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Immigrating to Canada for GIS Work: Interview with Madhur K Shrestha

GoGeomatics Canada had the chance to interview Madhur K Shrestha, a new arrival to Canada and a GIS specialist.  We explore the realities of immigrating to Canada and starting a new life with a family in tow  in the GTO.

GoGeomatics: Hi Madhur. Thanks for doing this interview and welcome to the Canadian geomatics community.  Let’s start with a little background on you and your story. Where did you grow up?

I was born and grew up in Nepal, one of the smallest countries in the world. It is situated between two giant countries — India to the south and China to the North. Nepal is one of the most peaceful countries in the world — home to Mt. Everest, top of the world, birthplace of Buddha, god of peace; Nepal is still a virgin and underdeveloped country having naturally beautiful surroundings. We have over 30 million people speaking more than 100 different languages and comprising many different ethnic groups.

GoGeomatics: Tell us about your family then and now.

Although my parents had no basic education, they lived happily and were very understanding of the needs of their children. My father, who died at age 52 of a bladder tumor, had been employed as a chauffer. He worked very hard for our family of six, and he managed to educate us. Three years ago, my mother joined my younger brother and his wife and daughter who immigrated to Maryland, USA twelve years ago. My elder brother and sister remain in Nepal where they operate a business. I am here with my wife, and our 18-year-old daughter, bearing the uncertainty, but with the hope that life will be better here.Madhur

GoGeomatics: Where did you do your geomatics education?

I had never had a formal education in geomatics when I was young. I had been attracted to computers, but without a single penny in my pocket, I could not afford to learn much about computers then. When I was offered a job as a lab assistant in a computer school, I learned quickly and started teaching within a month of my entry. Since then, I have always been attached to computers and fascinated with their functions and capabilities.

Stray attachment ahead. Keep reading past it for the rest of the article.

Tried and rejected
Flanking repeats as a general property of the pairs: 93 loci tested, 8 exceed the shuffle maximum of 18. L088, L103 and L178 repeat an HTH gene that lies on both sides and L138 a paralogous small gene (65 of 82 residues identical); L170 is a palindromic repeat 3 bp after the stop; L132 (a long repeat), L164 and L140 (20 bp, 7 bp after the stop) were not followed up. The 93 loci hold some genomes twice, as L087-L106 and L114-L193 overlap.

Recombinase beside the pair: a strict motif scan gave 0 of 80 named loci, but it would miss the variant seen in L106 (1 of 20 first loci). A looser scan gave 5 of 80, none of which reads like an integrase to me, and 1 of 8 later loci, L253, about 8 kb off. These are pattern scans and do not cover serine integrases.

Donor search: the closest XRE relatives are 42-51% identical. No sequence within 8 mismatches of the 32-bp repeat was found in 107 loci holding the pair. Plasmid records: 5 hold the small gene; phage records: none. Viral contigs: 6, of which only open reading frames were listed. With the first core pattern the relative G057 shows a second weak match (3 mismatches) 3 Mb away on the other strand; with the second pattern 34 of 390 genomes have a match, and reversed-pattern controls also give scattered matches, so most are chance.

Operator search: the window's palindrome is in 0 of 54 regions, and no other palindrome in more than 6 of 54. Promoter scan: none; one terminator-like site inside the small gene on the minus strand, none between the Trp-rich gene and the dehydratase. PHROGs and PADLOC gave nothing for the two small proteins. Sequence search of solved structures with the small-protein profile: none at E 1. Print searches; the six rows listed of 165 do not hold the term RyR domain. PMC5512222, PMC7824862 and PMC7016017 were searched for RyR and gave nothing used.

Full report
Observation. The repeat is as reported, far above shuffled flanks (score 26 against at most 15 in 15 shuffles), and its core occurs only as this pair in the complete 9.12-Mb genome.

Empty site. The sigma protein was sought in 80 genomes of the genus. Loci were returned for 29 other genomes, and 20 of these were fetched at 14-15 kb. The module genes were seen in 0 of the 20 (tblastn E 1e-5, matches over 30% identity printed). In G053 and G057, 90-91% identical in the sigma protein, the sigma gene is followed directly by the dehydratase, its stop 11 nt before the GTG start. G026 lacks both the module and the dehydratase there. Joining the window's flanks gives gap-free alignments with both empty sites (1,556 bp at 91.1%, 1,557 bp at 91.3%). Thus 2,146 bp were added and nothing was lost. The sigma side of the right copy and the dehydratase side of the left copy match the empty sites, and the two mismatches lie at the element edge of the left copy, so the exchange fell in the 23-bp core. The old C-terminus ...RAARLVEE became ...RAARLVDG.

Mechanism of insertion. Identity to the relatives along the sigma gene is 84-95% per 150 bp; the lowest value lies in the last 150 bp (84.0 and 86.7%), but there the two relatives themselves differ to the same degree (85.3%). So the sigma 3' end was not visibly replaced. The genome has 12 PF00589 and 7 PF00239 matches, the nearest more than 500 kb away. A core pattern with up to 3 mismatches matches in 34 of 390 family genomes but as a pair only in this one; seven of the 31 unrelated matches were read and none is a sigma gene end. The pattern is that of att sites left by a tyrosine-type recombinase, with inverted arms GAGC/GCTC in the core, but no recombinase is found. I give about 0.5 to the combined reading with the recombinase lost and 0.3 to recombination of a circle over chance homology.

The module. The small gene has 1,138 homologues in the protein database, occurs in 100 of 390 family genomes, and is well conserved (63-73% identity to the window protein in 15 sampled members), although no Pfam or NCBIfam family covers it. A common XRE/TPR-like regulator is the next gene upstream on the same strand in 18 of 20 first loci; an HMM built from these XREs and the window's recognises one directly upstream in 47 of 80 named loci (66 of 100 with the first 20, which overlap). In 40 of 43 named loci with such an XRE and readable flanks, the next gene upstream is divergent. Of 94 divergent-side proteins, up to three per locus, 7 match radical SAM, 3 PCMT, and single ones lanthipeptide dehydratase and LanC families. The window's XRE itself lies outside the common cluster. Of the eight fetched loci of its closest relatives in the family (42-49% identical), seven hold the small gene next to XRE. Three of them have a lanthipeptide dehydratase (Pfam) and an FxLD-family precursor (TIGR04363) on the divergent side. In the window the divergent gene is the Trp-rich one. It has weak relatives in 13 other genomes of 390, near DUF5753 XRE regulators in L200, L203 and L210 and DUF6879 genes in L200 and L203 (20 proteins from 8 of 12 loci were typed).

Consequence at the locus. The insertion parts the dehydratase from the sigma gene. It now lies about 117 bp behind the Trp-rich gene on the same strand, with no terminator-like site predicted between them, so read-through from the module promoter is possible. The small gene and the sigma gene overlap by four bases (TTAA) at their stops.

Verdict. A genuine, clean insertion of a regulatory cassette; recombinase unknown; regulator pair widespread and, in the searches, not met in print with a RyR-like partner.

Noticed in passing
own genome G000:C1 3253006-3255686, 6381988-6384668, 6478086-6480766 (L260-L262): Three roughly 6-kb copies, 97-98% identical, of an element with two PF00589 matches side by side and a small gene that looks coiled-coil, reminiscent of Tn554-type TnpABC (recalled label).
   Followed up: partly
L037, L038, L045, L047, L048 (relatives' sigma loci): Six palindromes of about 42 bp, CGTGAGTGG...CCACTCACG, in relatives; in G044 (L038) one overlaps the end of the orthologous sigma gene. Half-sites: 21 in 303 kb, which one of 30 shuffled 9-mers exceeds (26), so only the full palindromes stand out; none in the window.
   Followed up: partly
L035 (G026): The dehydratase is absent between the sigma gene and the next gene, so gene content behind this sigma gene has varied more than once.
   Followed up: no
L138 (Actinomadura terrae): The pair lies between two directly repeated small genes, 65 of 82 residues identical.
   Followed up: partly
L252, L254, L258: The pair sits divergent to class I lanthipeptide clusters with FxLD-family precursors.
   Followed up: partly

Later I earned a scholarship to study Geomatics in Germany. Following completion of my studies, I was engaged in some part time jobs, like digitizing, in Germany where I began to learn the basics of Geographic Information Systems (GIS). Later I taught myself a number of software programs and started teaching others. Now I have trained over 5000 people in using Geomatics tools to solve problems in their professional lives. Basically I am more into Environment System Research Institute (ESRI) products like ArcGIS, Remote Sensing, GPS and other software programs.

GoGeomatics: Tell us about your geomatics career before you came to Canada?

Being very well known in the world of Geomatics, especially in Nepal, I have spoken in many workshops, seminars and conferences. As an instructor, I have taught thousands of people. As a consultant, I have helped solve problems in more than 20 organizations over a 10-year period. I would suggest that I had been one of the highest paid professionals in the field, and my life was very smooth and comfortable.

GoGeomatics: Why did you leave Nepal for Canada?